From there, any ingredient added to the bechamel will transform it from a bechamel to a variant, such as a mornay sauce. Here are a few examples of other bechamel variants, which can be used on vegetables, eggs, fish and poultry:
- Adding cream to the milk-based bechamel gives you a Sauce Creme
- Adding cream and egg yolks to the bechamel gives you Sauce Parisienne
- Adding grated cheese to the bechamel gives you Sauce Mornay
- Adding tomato puree to the bechamel gives you Sauce Aurore
- Adding white wine or vermouth with fresh herbs and shallots gives you a Sauce all Estragon
Yes indeed, the bechamel is the mother of these sauces and much more for your imagination to come.
For this macaroni and cheese, a bechamel is made for shredded gruyere and white cheddar cheese, a blend that has been tested for our preference several times over. Here are a few tips based on my experience melting cheeses:
- Each cheese melts differently. Fine Cooking explains why, and shares how you know which one to choose depending on what you are trying to achieve. I have not had great luck with generic grocery brand yellow sharp cheddar (even though I love eating it).
- The quality of your cheese must be considered. The higher quality cheese will melt better and taste richer.
- Reduced fat cheese does not have enough fat to melt properly.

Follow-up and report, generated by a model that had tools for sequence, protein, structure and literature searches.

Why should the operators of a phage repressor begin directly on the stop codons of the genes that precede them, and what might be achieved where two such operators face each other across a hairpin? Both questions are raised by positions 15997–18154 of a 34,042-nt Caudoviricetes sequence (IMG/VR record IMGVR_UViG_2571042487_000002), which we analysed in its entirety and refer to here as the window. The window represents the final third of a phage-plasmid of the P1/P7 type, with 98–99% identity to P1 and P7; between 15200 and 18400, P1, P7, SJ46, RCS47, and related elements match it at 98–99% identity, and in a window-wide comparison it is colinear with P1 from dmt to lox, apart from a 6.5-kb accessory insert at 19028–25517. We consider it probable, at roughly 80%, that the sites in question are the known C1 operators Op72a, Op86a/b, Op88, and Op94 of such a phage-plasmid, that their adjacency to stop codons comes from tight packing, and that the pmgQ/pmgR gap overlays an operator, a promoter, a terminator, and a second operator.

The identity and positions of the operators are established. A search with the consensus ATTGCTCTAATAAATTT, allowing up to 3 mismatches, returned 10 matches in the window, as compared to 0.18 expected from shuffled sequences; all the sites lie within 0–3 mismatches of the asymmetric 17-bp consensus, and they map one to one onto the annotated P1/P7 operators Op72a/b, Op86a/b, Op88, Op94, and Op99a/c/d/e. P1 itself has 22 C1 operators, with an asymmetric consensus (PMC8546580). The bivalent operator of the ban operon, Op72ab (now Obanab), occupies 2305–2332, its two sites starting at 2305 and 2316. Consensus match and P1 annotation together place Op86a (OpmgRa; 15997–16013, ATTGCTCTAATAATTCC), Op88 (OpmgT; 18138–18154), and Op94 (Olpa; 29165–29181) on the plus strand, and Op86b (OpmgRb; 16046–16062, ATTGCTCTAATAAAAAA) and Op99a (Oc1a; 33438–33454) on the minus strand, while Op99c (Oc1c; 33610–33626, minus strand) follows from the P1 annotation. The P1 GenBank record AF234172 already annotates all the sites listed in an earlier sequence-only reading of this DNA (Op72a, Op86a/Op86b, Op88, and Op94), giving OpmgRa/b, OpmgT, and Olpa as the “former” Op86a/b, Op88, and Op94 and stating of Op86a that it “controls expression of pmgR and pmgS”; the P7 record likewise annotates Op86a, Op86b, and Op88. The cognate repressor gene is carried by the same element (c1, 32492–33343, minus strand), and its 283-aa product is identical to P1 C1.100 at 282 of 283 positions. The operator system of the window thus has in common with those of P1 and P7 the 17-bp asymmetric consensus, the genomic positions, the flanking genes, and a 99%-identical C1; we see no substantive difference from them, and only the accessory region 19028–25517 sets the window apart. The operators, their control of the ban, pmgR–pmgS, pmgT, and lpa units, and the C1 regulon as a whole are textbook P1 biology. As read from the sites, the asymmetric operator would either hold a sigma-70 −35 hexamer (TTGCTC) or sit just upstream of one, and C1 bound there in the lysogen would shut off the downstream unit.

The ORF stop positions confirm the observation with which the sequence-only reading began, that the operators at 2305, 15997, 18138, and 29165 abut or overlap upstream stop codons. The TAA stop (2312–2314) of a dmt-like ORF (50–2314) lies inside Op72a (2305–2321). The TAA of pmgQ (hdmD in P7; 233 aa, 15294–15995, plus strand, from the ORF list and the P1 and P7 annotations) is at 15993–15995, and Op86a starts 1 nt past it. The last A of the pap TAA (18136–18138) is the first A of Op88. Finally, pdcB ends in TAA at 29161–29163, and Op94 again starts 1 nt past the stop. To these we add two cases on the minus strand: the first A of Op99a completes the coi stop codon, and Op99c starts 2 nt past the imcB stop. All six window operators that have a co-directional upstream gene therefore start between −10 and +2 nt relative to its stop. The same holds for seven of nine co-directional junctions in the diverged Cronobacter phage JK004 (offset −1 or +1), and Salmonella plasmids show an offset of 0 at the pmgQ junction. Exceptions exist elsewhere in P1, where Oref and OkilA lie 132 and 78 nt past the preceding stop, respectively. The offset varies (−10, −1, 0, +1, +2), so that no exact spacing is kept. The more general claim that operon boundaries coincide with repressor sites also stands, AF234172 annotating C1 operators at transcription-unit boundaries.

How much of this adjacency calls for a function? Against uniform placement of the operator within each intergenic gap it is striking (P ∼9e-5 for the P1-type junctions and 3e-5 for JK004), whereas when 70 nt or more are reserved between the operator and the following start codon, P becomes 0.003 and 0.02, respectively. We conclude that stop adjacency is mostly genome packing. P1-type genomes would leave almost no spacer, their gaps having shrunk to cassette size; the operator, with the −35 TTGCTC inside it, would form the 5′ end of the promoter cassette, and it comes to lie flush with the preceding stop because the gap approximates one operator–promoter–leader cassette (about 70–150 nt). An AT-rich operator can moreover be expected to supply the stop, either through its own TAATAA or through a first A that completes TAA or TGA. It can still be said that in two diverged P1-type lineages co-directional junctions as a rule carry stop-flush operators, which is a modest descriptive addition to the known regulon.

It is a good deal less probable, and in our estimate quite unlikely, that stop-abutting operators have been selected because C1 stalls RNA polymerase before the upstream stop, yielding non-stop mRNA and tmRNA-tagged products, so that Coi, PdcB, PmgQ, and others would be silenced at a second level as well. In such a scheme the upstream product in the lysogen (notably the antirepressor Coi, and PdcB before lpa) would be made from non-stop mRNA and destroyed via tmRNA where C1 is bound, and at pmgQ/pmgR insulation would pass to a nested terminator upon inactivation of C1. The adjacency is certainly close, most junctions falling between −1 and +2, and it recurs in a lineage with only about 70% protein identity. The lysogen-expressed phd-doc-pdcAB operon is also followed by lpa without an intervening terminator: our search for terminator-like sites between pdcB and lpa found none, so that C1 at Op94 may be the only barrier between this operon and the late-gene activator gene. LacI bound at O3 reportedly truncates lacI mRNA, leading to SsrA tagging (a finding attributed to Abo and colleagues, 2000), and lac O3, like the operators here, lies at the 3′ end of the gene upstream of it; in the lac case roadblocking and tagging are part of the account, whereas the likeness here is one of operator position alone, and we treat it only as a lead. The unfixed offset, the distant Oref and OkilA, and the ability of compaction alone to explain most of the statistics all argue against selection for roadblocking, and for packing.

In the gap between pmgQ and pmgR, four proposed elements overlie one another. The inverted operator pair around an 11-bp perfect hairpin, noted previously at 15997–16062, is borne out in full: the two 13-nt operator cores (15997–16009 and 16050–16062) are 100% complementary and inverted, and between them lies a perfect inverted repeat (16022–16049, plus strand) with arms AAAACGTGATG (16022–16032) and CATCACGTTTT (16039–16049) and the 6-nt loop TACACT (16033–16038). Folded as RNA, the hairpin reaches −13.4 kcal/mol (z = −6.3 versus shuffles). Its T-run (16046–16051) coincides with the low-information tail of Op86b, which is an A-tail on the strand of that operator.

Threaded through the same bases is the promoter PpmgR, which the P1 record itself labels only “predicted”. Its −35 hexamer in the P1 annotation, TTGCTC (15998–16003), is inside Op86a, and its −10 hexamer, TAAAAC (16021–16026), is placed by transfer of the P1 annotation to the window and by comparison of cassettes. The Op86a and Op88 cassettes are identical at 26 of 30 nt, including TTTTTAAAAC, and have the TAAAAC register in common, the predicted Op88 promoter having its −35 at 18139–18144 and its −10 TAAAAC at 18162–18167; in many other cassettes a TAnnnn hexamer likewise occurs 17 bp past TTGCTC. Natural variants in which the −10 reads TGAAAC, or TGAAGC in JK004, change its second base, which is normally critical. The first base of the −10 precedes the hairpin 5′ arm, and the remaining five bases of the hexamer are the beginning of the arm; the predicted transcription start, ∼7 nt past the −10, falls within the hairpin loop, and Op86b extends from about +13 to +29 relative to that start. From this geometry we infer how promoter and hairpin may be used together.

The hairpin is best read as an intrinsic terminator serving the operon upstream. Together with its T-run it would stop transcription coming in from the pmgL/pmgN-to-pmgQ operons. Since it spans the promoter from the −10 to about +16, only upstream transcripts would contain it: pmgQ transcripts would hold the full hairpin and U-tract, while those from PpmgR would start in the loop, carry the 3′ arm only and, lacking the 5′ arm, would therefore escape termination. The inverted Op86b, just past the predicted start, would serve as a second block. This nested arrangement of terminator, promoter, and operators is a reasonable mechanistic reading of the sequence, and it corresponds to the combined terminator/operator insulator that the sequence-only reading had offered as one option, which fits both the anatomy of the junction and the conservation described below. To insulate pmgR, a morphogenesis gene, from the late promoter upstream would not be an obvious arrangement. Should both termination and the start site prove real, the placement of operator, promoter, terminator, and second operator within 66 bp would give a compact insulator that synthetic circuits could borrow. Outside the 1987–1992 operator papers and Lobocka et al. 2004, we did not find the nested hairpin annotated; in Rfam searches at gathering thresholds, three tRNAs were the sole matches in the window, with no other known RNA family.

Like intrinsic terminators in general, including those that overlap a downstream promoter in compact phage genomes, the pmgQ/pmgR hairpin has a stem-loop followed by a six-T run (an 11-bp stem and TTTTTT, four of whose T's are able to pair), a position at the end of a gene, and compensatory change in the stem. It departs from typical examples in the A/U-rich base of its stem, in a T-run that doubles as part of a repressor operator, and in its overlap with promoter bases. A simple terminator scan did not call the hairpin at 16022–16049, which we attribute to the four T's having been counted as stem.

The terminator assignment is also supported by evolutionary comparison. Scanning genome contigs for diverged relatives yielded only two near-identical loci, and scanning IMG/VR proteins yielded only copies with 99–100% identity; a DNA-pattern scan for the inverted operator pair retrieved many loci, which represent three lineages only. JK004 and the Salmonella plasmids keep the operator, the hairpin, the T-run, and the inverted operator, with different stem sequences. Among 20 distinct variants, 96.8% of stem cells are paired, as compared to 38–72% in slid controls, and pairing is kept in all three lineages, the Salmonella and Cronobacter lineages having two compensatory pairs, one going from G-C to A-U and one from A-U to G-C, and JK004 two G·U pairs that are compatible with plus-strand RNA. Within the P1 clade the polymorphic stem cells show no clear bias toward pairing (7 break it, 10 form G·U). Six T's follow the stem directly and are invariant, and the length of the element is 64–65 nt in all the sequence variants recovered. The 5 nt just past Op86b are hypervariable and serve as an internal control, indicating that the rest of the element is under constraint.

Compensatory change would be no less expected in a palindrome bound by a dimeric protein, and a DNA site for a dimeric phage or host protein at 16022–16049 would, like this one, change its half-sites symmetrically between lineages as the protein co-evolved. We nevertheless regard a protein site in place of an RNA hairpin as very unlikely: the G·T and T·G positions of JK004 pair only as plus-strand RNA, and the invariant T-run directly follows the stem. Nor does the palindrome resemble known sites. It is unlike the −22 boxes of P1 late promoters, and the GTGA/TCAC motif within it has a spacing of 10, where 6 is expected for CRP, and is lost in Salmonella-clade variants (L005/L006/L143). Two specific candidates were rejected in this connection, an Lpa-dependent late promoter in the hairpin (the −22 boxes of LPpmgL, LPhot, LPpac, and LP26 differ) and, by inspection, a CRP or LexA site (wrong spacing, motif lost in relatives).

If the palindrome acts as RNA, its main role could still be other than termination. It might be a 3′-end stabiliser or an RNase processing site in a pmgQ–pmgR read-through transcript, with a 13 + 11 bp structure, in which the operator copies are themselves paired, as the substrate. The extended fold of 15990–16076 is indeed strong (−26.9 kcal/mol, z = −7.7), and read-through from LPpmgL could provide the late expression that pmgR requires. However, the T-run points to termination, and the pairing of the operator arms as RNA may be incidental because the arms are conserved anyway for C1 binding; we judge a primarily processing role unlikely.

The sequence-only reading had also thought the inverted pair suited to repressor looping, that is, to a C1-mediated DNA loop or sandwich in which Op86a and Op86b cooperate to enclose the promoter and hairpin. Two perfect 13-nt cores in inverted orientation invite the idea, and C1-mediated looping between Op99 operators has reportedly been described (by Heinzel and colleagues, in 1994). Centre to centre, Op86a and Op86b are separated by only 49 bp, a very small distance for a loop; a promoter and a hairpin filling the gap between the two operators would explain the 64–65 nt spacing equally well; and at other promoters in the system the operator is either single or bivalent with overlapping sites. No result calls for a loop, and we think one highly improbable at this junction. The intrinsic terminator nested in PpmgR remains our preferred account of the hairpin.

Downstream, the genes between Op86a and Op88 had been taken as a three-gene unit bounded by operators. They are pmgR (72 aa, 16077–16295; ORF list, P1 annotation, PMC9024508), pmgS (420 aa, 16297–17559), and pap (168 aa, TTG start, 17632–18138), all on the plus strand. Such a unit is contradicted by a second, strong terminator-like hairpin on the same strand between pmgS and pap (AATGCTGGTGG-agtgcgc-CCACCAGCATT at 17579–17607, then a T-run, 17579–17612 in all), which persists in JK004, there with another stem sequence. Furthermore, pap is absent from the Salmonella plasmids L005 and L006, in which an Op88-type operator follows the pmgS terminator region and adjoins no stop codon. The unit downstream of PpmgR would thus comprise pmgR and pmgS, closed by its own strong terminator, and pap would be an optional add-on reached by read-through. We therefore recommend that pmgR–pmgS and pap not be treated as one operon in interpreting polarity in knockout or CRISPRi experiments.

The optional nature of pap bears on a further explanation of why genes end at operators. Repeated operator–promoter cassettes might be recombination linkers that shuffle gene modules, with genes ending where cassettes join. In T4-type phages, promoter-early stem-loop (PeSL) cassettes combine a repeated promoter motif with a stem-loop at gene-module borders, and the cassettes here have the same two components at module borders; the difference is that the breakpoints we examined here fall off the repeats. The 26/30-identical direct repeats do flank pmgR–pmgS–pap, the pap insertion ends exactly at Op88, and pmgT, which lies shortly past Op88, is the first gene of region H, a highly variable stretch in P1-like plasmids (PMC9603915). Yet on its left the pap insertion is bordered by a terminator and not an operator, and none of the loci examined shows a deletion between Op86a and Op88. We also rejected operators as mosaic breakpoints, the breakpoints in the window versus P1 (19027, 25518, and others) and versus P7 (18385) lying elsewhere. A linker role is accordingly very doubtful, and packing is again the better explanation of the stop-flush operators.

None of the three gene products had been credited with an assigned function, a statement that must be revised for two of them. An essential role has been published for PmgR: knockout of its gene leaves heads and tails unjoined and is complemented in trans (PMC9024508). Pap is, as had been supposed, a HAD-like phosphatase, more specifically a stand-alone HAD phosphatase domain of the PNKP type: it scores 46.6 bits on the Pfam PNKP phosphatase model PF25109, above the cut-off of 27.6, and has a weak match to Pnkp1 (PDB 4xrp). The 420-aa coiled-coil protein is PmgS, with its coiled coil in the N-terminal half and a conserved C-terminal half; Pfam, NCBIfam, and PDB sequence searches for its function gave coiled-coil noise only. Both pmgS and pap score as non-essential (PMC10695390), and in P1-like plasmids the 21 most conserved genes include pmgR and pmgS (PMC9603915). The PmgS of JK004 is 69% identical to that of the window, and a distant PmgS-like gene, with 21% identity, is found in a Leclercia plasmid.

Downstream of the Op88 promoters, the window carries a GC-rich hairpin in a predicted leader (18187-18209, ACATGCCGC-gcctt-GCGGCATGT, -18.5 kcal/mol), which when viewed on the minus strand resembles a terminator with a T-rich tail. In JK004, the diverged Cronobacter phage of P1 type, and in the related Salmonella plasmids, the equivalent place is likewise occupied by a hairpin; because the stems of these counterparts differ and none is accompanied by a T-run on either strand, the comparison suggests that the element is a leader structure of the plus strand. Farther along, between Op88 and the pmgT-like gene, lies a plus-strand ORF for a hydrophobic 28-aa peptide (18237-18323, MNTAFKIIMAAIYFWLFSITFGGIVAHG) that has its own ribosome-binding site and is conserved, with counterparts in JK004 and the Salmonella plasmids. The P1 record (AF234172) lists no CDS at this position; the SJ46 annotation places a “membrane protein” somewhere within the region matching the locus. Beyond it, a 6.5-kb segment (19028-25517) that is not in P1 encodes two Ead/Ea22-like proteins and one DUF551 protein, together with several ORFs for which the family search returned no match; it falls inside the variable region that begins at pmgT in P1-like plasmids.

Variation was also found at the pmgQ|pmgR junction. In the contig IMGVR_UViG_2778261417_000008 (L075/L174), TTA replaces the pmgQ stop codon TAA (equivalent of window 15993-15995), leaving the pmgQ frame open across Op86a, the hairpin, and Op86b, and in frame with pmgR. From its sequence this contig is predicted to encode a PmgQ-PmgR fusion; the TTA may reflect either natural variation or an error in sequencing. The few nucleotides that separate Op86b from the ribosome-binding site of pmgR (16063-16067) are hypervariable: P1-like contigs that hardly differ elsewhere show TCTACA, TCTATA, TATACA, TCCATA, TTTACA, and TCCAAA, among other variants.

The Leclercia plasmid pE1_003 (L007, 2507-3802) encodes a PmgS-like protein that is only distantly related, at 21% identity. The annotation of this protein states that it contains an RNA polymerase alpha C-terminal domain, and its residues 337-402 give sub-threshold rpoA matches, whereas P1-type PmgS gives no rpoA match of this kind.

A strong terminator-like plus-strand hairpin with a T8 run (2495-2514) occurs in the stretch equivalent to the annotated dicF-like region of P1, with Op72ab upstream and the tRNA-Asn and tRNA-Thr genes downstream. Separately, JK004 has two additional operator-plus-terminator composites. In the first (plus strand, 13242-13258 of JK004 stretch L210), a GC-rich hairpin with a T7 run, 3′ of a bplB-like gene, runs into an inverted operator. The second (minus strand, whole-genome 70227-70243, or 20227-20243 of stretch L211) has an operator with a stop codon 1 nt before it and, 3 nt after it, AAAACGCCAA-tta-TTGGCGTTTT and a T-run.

- Already shredded cheese purchased in a package at the store is an absolute no. A flour-like substance is n the outside of the cheese to prevent it from sticking together in the package, and this prevents the cheese from melting smoothly into the bechamel.
- Shred it thinly for the cheese to melt quickly. If too much is added to the bechamel at once, the cheese will not distribute to melt well.
If you find that your cheese sauce is too gritty, it could be that you did not cook the roux long enough to eliminate the flour taste or you cooked the cheese on too high of heat. It’s a little temperamental, so don’t rush things!
Bechamel sauce is a great sauce to master and can teach you a lot about thickening other things, such as soups, stews, gravy, cream sauces for savory pies and more. Of course, my favorite way is to make it and add shredded cheese for macaroni and cheese!
MACARONI AND CHEESE STUFFED POBLANOS
- 4 tablespoons butter
- 1/4 cup flour
- 2 3/4 cups whole milk
- 1 tsp salt
- 1/2 teaspoon dried yellow mustard
- 1/8 teaspoon cayenne pepper
- 1/8 teaspoon black pepper
- 1 1/2 cups freshly grated gruyere cheese
- 1 1/2 cups freshly grated white cheddar cheese
- 3/4 cup freshly grated parmesan cheese
- 1/2 box elbow macaroni
- 2 poblano peppers, halved with seeds removed
- Preheat the oven to 375 degrees and grease a 2-quart baking dish with butter.
- In a small saucepan, heat the whole milk over medium heat until warm.
- Melt 4 tablespoons of butter in a medium sized saucepan.
- Add the flour and whisk, cooking for 3-4 minutes or until the roux is a golden yellow color.
- Slowly add the warm milk and whisk until the sauce is thick and bubbly about 3 minutes. Whisk in the salt, dried yellow mustard, cayenne pepper, black pepper.
- Begin to add the shredded cheeses just a little at a time, whisking until cheeses have melted.
- Set a large pot of water on the stove over high heat to boil for the macaroni. Drop the macaroni and cook it for about 6 minutes or until al dente.
- Drain, then stir the macaroni into the cheese sauce.
- Pour the macaroni and cheese into the greased baking dish and bake for 15 minutes.
- Take it out of the oven and stuff a few tablespoons of the macaroni and cheese into the halved poblanos. Bake them for 5-8 minutes or until the poblanos are soft and cooked through.